(g) Commissioner of human services; opioid overdose prevention grant. $100,000 in fiscal year 2020 is appropriated from the general fund and $100,000 in fiscal year 2021 is appropriated from the opiate epidemic response account to the commissioner of human services for a grant to a nonprofit organization that has provided overdose prevention programs to the public in at least 60 counties within the state, for at least three years, has received federal funding before January 1, 2019, and is dedicated to addressing the opioid epidemic. The grant must be used for opioid overdose prevention, community asset mapping, education, and overdose antagonist distribution. The opiate epidemic response account base for this appropriation is $100,000 in fiscal year 2022, $100,000 in fiscal year 2023, $100,000 in fiscal year 2024, and $0 in fiscal year 2025.

(h) Commissioner of human services; traditional healing. $2,000,000 in fiscal year 2020 is appropriated from the general fund and $2,000,000 in fiscal year 2021 is appropriated from the opiate epidemic response account to the commissioner of human services to award grants to tribal nations and five urban Indian communities for traditional healing practices to American Indians and to increase the capacity of culturally specific providers in the behavioral health workforce. The opiate epidemic response account base for this appropriation is $2,000,000 in fiscal year 2022, $2,000,000 in fiscal year 2023, $2,000,000 in fiscal year 2024, and $0 in fiscal year 2025.

(i) Board of Dentistry; continuing education. $11,000 in fiscal year 2020 is appropriated from the state government special revenue fund to the Board of Dentistry to implement the continuing education requirements under Minnesota Statutes, section 214.12, subdivision 6.

(j) Board of Medical Practice; continuing education. $17,000 in fiscal year 2020 is appropriated from the state government special revenue fund to the Board of Medical Practice to implement the continuing education requirements under Minnesota Statutes, section 214.12, subdivision 6.

(k) Board of Nursing; continuing education. $17,000 in fiscal year 2020 is appropriated from the state government special revenue fund to the Board of Nursing to implement the continuing education requirements under Minnesota Statutes, section 214.12, subdivision 6.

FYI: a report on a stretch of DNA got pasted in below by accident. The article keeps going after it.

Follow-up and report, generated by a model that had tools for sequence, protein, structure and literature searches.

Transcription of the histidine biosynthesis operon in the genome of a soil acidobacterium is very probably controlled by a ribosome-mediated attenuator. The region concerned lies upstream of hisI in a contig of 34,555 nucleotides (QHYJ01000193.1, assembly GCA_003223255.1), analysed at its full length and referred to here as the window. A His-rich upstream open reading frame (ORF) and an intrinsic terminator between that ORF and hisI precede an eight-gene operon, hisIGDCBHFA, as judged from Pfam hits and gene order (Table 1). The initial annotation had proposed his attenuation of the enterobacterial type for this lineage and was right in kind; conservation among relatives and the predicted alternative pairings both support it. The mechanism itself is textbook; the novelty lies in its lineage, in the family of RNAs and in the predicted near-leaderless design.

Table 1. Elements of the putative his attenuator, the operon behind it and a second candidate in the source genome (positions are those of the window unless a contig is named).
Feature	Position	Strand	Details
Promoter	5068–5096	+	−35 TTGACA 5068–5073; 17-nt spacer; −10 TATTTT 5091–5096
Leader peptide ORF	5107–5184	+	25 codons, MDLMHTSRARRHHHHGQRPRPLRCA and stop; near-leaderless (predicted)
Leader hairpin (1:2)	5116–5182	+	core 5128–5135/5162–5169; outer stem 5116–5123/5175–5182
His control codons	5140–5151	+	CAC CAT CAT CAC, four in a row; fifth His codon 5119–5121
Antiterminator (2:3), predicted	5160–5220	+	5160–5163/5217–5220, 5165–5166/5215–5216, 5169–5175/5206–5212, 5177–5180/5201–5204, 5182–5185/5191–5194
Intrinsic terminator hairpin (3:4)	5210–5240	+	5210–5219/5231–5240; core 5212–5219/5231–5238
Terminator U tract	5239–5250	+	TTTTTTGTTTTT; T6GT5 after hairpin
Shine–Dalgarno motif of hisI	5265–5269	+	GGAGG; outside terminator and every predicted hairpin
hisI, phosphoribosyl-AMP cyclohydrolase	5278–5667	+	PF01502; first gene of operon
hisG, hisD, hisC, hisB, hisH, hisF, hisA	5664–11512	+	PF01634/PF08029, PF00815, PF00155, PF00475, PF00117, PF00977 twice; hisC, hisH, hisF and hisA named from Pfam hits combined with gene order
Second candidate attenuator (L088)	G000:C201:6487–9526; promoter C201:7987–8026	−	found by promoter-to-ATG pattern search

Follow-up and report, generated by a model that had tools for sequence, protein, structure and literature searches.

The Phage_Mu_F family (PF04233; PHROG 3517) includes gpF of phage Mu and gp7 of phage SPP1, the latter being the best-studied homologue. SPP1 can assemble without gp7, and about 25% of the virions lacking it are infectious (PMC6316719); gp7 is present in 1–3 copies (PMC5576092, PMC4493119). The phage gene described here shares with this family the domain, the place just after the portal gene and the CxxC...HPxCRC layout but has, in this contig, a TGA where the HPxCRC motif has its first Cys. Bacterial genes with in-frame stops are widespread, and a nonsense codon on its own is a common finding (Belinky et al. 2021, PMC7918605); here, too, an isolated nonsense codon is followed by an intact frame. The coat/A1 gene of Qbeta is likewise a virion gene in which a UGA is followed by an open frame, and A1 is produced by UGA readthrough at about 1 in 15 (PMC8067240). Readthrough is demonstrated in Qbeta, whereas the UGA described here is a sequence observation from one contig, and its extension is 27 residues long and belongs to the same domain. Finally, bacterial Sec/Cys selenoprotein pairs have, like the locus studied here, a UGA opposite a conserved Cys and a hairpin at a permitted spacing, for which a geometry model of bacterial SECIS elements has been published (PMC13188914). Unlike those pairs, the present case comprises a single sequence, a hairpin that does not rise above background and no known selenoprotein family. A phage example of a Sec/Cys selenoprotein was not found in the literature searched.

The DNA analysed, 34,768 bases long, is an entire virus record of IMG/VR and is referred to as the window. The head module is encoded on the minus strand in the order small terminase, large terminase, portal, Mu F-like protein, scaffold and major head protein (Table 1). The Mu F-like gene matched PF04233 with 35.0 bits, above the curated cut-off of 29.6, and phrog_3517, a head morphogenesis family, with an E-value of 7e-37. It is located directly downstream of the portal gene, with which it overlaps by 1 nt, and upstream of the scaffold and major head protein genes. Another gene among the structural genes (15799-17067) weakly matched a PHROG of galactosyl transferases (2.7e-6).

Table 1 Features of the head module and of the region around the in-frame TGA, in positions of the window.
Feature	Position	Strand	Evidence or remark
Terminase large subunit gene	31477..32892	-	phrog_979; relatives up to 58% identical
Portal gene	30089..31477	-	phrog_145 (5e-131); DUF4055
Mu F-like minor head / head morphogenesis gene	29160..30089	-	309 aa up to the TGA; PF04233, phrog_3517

(l) Board of Optometry; continuing education. $5,000 in fiscal year 2020 is appropriated from the state government special revenue fund to the Board of Optometry to implement the continuing education requirements under Minnesota Statutes, section 214.12, subdivision 6.

(m) Board of Podiatric Medicine; continuing education. $5,000 in fiscal year 2020 is appropriated from the state government special revenue fund to the Board of Podiatric Medicine to implement the continuing education requirements under Minnesota Statutes, section 214.12, subdivision 6.

(n) Commissioner of health; nonnarcotic pain management and wellness. $1,250,000 is appropriated in fiscal year 2020 from the general fund to the commissioner of health, to provide funding for:

(1) statewide mapping and assessment of community-based nonnarcotic pain management and wellness resources; and

(2) up to five demonstration projects in different geographic areas of the state to provide community-based nonnarcotic pain management and wellness resources to patients and consumers.

The demonstration projects must include an evaluation component and scalability analysis. The commissioner shall award the grant for the statewide mapping and assessment, and the demonstration project grants, through a competitive request for proposal process. Grants for statewide mapping and assessment and demonstration projects may be awarded simultaneously. In awarding demonstration project grants, the commissioner shall give preference to proposals that incorporate innovative community partnerships, are informed and led by people in the community where the project is taking place, and are culturally relevant and delivered by culturally competent providers. This is a onetime appropriation.

(o) Commissioner of health; administration. $38,000 in fiscal year 2020 is appropriated from the general fund to the commissioner of health for the administration of the grants awarded in paragraph (n).

Sec. 2.

TRANSFER.

By June 30, 2021, the commissioner of human services shall transfer $5,439,000 from the opiate epidemic response account to the general fund. This is a onetime transfer.

Sec. 3.

EXPIRATION OF UNCODIFIED LANGUAGE.

The uncodified language in this article shall not expire on June 30, 2021.

Presented to the governor May 22, 2019

Signed by the governor May 22, 2019, 1:51 p.m.